|Authors||Hinshaw JL, Shadid AM, Nakada SY, Hedican SP, Winter TC, Lee FT|
|Journal||AJR Am J Roentgenol Volume: 191 Issue: 4 Pages: 1159-68|
|Publish Date||2008 Oct|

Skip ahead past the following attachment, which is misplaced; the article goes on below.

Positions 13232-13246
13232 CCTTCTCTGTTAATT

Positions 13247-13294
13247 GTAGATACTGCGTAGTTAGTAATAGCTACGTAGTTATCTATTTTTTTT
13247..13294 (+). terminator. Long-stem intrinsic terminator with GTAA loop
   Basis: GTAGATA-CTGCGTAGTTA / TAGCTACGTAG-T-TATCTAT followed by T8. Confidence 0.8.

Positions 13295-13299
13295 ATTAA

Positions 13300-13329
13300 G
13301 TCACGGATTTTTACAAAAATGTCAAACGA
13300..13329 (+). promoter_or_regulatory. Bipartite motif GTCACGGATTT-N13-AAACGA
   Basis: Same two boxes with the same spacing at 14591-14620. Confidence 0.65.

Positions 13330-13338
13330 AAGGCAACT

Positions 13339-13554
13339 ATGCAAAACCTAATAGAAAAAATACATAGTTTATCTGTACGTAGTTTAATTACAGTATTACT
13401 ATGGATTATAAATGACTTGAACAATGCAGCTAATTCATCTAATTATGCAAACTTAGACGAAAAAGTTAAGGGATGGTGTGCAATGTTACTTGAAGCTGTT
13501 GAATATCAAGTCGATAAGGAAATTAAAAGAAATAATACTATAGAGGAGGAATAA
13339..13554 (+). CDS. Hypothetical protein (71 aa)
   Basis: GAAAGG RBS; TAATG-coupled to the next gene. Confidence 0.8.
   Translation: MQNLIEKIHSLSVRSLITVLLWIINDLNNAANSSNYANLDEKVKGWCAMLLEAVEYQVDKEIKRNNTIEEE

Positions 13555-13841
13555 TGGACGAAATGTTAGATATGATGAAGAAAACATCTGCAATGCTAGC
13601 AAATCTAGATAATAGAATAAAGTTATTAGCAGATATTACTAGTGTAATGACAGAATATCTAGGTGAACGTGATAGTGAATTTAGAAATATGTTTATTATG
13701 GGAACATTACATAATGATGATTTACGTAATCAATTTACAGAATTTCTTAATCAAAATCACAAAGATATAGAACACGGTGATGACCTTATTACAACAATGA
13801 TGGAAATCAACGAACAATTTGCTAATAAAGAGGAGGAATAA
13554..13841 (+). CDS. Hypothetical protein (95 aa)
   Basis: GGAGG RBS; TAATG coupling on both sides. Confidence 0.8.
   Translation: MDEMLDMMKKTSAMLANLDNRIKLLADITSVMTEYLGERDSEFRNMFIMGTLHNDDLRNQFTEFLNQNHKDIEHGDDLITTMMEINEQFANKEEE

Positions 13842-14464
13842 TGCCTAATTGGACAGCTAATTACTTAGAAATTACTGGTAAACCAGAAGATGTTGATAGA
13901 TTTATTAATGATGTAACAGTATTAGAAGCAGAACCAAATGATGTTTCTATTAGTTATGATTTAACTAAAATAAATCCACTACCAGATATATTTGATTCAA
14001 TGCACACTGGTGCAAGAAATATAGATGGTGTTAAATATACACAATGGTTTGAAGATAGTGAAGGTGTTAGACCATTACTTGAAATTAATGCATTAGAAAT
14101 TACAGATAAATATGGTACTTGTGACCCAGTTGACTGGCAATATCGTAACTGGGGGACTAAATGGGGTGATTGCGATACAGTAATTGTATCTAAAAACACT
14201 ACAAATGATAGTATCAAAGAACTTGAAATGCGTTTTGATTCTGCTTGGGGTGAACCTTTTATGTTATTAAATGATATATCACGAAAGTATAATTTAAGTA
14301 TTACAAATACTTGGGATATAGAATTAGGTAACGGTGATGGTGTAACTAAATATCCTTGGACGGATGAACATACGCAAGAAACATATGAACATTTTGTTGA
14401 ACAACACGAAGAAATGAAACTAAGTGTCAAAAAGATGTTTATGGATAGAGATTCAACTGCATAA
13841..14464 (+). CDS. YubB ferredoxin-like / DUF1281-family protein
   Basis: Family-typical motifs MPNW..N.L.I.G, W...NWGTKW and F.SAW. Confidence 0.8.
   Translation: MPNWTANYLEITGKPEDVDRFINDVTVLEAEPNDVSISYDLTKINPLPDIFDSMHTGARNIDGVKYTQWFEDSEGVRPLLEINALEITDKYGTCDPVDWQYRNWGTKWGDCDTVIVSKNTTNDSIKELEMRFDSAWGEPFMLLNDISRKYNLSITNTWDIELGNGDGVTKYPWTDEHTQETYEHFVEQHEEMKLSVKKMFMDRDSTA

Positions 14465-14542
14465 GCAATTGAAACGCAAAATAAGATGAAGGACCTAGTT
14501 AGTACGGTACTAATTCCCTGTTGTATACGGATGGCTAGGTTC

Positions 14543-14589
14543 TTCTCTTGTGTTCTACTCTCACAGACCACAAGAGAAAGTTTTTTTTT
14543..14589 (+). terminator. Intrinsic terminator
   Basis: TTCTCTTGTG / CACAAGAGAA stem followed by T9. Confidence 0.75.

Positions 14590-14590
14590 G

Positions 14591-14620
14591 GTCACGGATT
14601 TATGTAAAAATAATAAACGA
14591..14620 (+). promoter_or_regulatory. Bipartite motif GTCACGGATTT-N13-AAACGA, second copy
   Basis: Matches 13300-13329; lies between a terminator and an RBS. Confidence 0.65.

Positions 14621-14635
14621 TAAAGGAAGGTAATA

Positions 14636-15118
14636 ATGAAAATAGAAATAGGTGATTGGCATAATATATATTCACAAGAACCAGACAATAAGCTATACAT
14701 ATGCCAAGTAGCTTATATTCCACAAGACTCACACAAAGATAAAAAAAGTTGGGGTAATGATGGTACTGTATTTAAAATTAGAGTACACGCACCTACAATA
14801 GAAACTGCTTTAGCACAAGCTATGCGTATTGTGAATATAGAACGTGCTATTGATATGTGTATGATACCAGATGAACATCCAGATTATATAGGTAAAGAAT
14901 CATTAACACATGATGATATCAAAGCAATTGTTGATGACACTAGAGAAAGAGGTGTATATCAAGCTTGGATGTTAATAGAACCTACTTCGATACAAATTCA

The goal of this study was to compare the outcome, complications, and charges of percutaneous renal cryoablation and laparoscopic cryoablation of solid renal masses.A total of 30 percutaneous renal cryoablations (mean tumor size, 2.1 cm) in 30 patients (mean age, 67.0 years) and 60 laparoscopic renal cryoablations (mean tumor size, 2.5 cm) in 46 patients (mean age, 67.4 years) were compared. The size of the tumor, procedural complications, hospital charges, length of hospital stay, and tumor follow-up parameters were recorded. Monitoring after ablation was performed every 3 months using contrast-enhanced MRI or CT.Both percutaneous cryoablation and laparoscopic cryoablation of solid renal masses had a high technical success rate (30/30 [100%] and 59/60 [98.3%]). There was no significant difference in the rate of residual disease (3/30 [10%] and 4/60 [6.7%], p = 0.68), and the secondary effectiveness rate is 100% for both groups to date. One renal mass treated using laparoscopic cryoablation had a local recurrence, but none of the masses treated using percutaneous cryoablation had a recurrence. The disease-specific survival is 100% in both groups with no significant difference in the mean follow-up time (14.5 vs 14.6 months, p = 1.0) or major complication rate (0/30 [0%] vs 3/60 [5.0%], p = 0.55). For the treatment of solid renal masses, percutaneous cryoablation was associated with 40% lower hospital charges (mean, $14,175 vs $23,618, p < 0.00001) and a shorter hospital stay (mean +/- SD, 1.1 +/- 0.3 vs 2.4 +/- 2.1 days; p < 0.0001) than laparoscopic cryoablation.Although certain tumors require laparoscopic intervention because of the location or size of the tumor, percutaneous renal cryoablation is safe and effective and is associated with lower charges when used for the treatment of small renal tumors.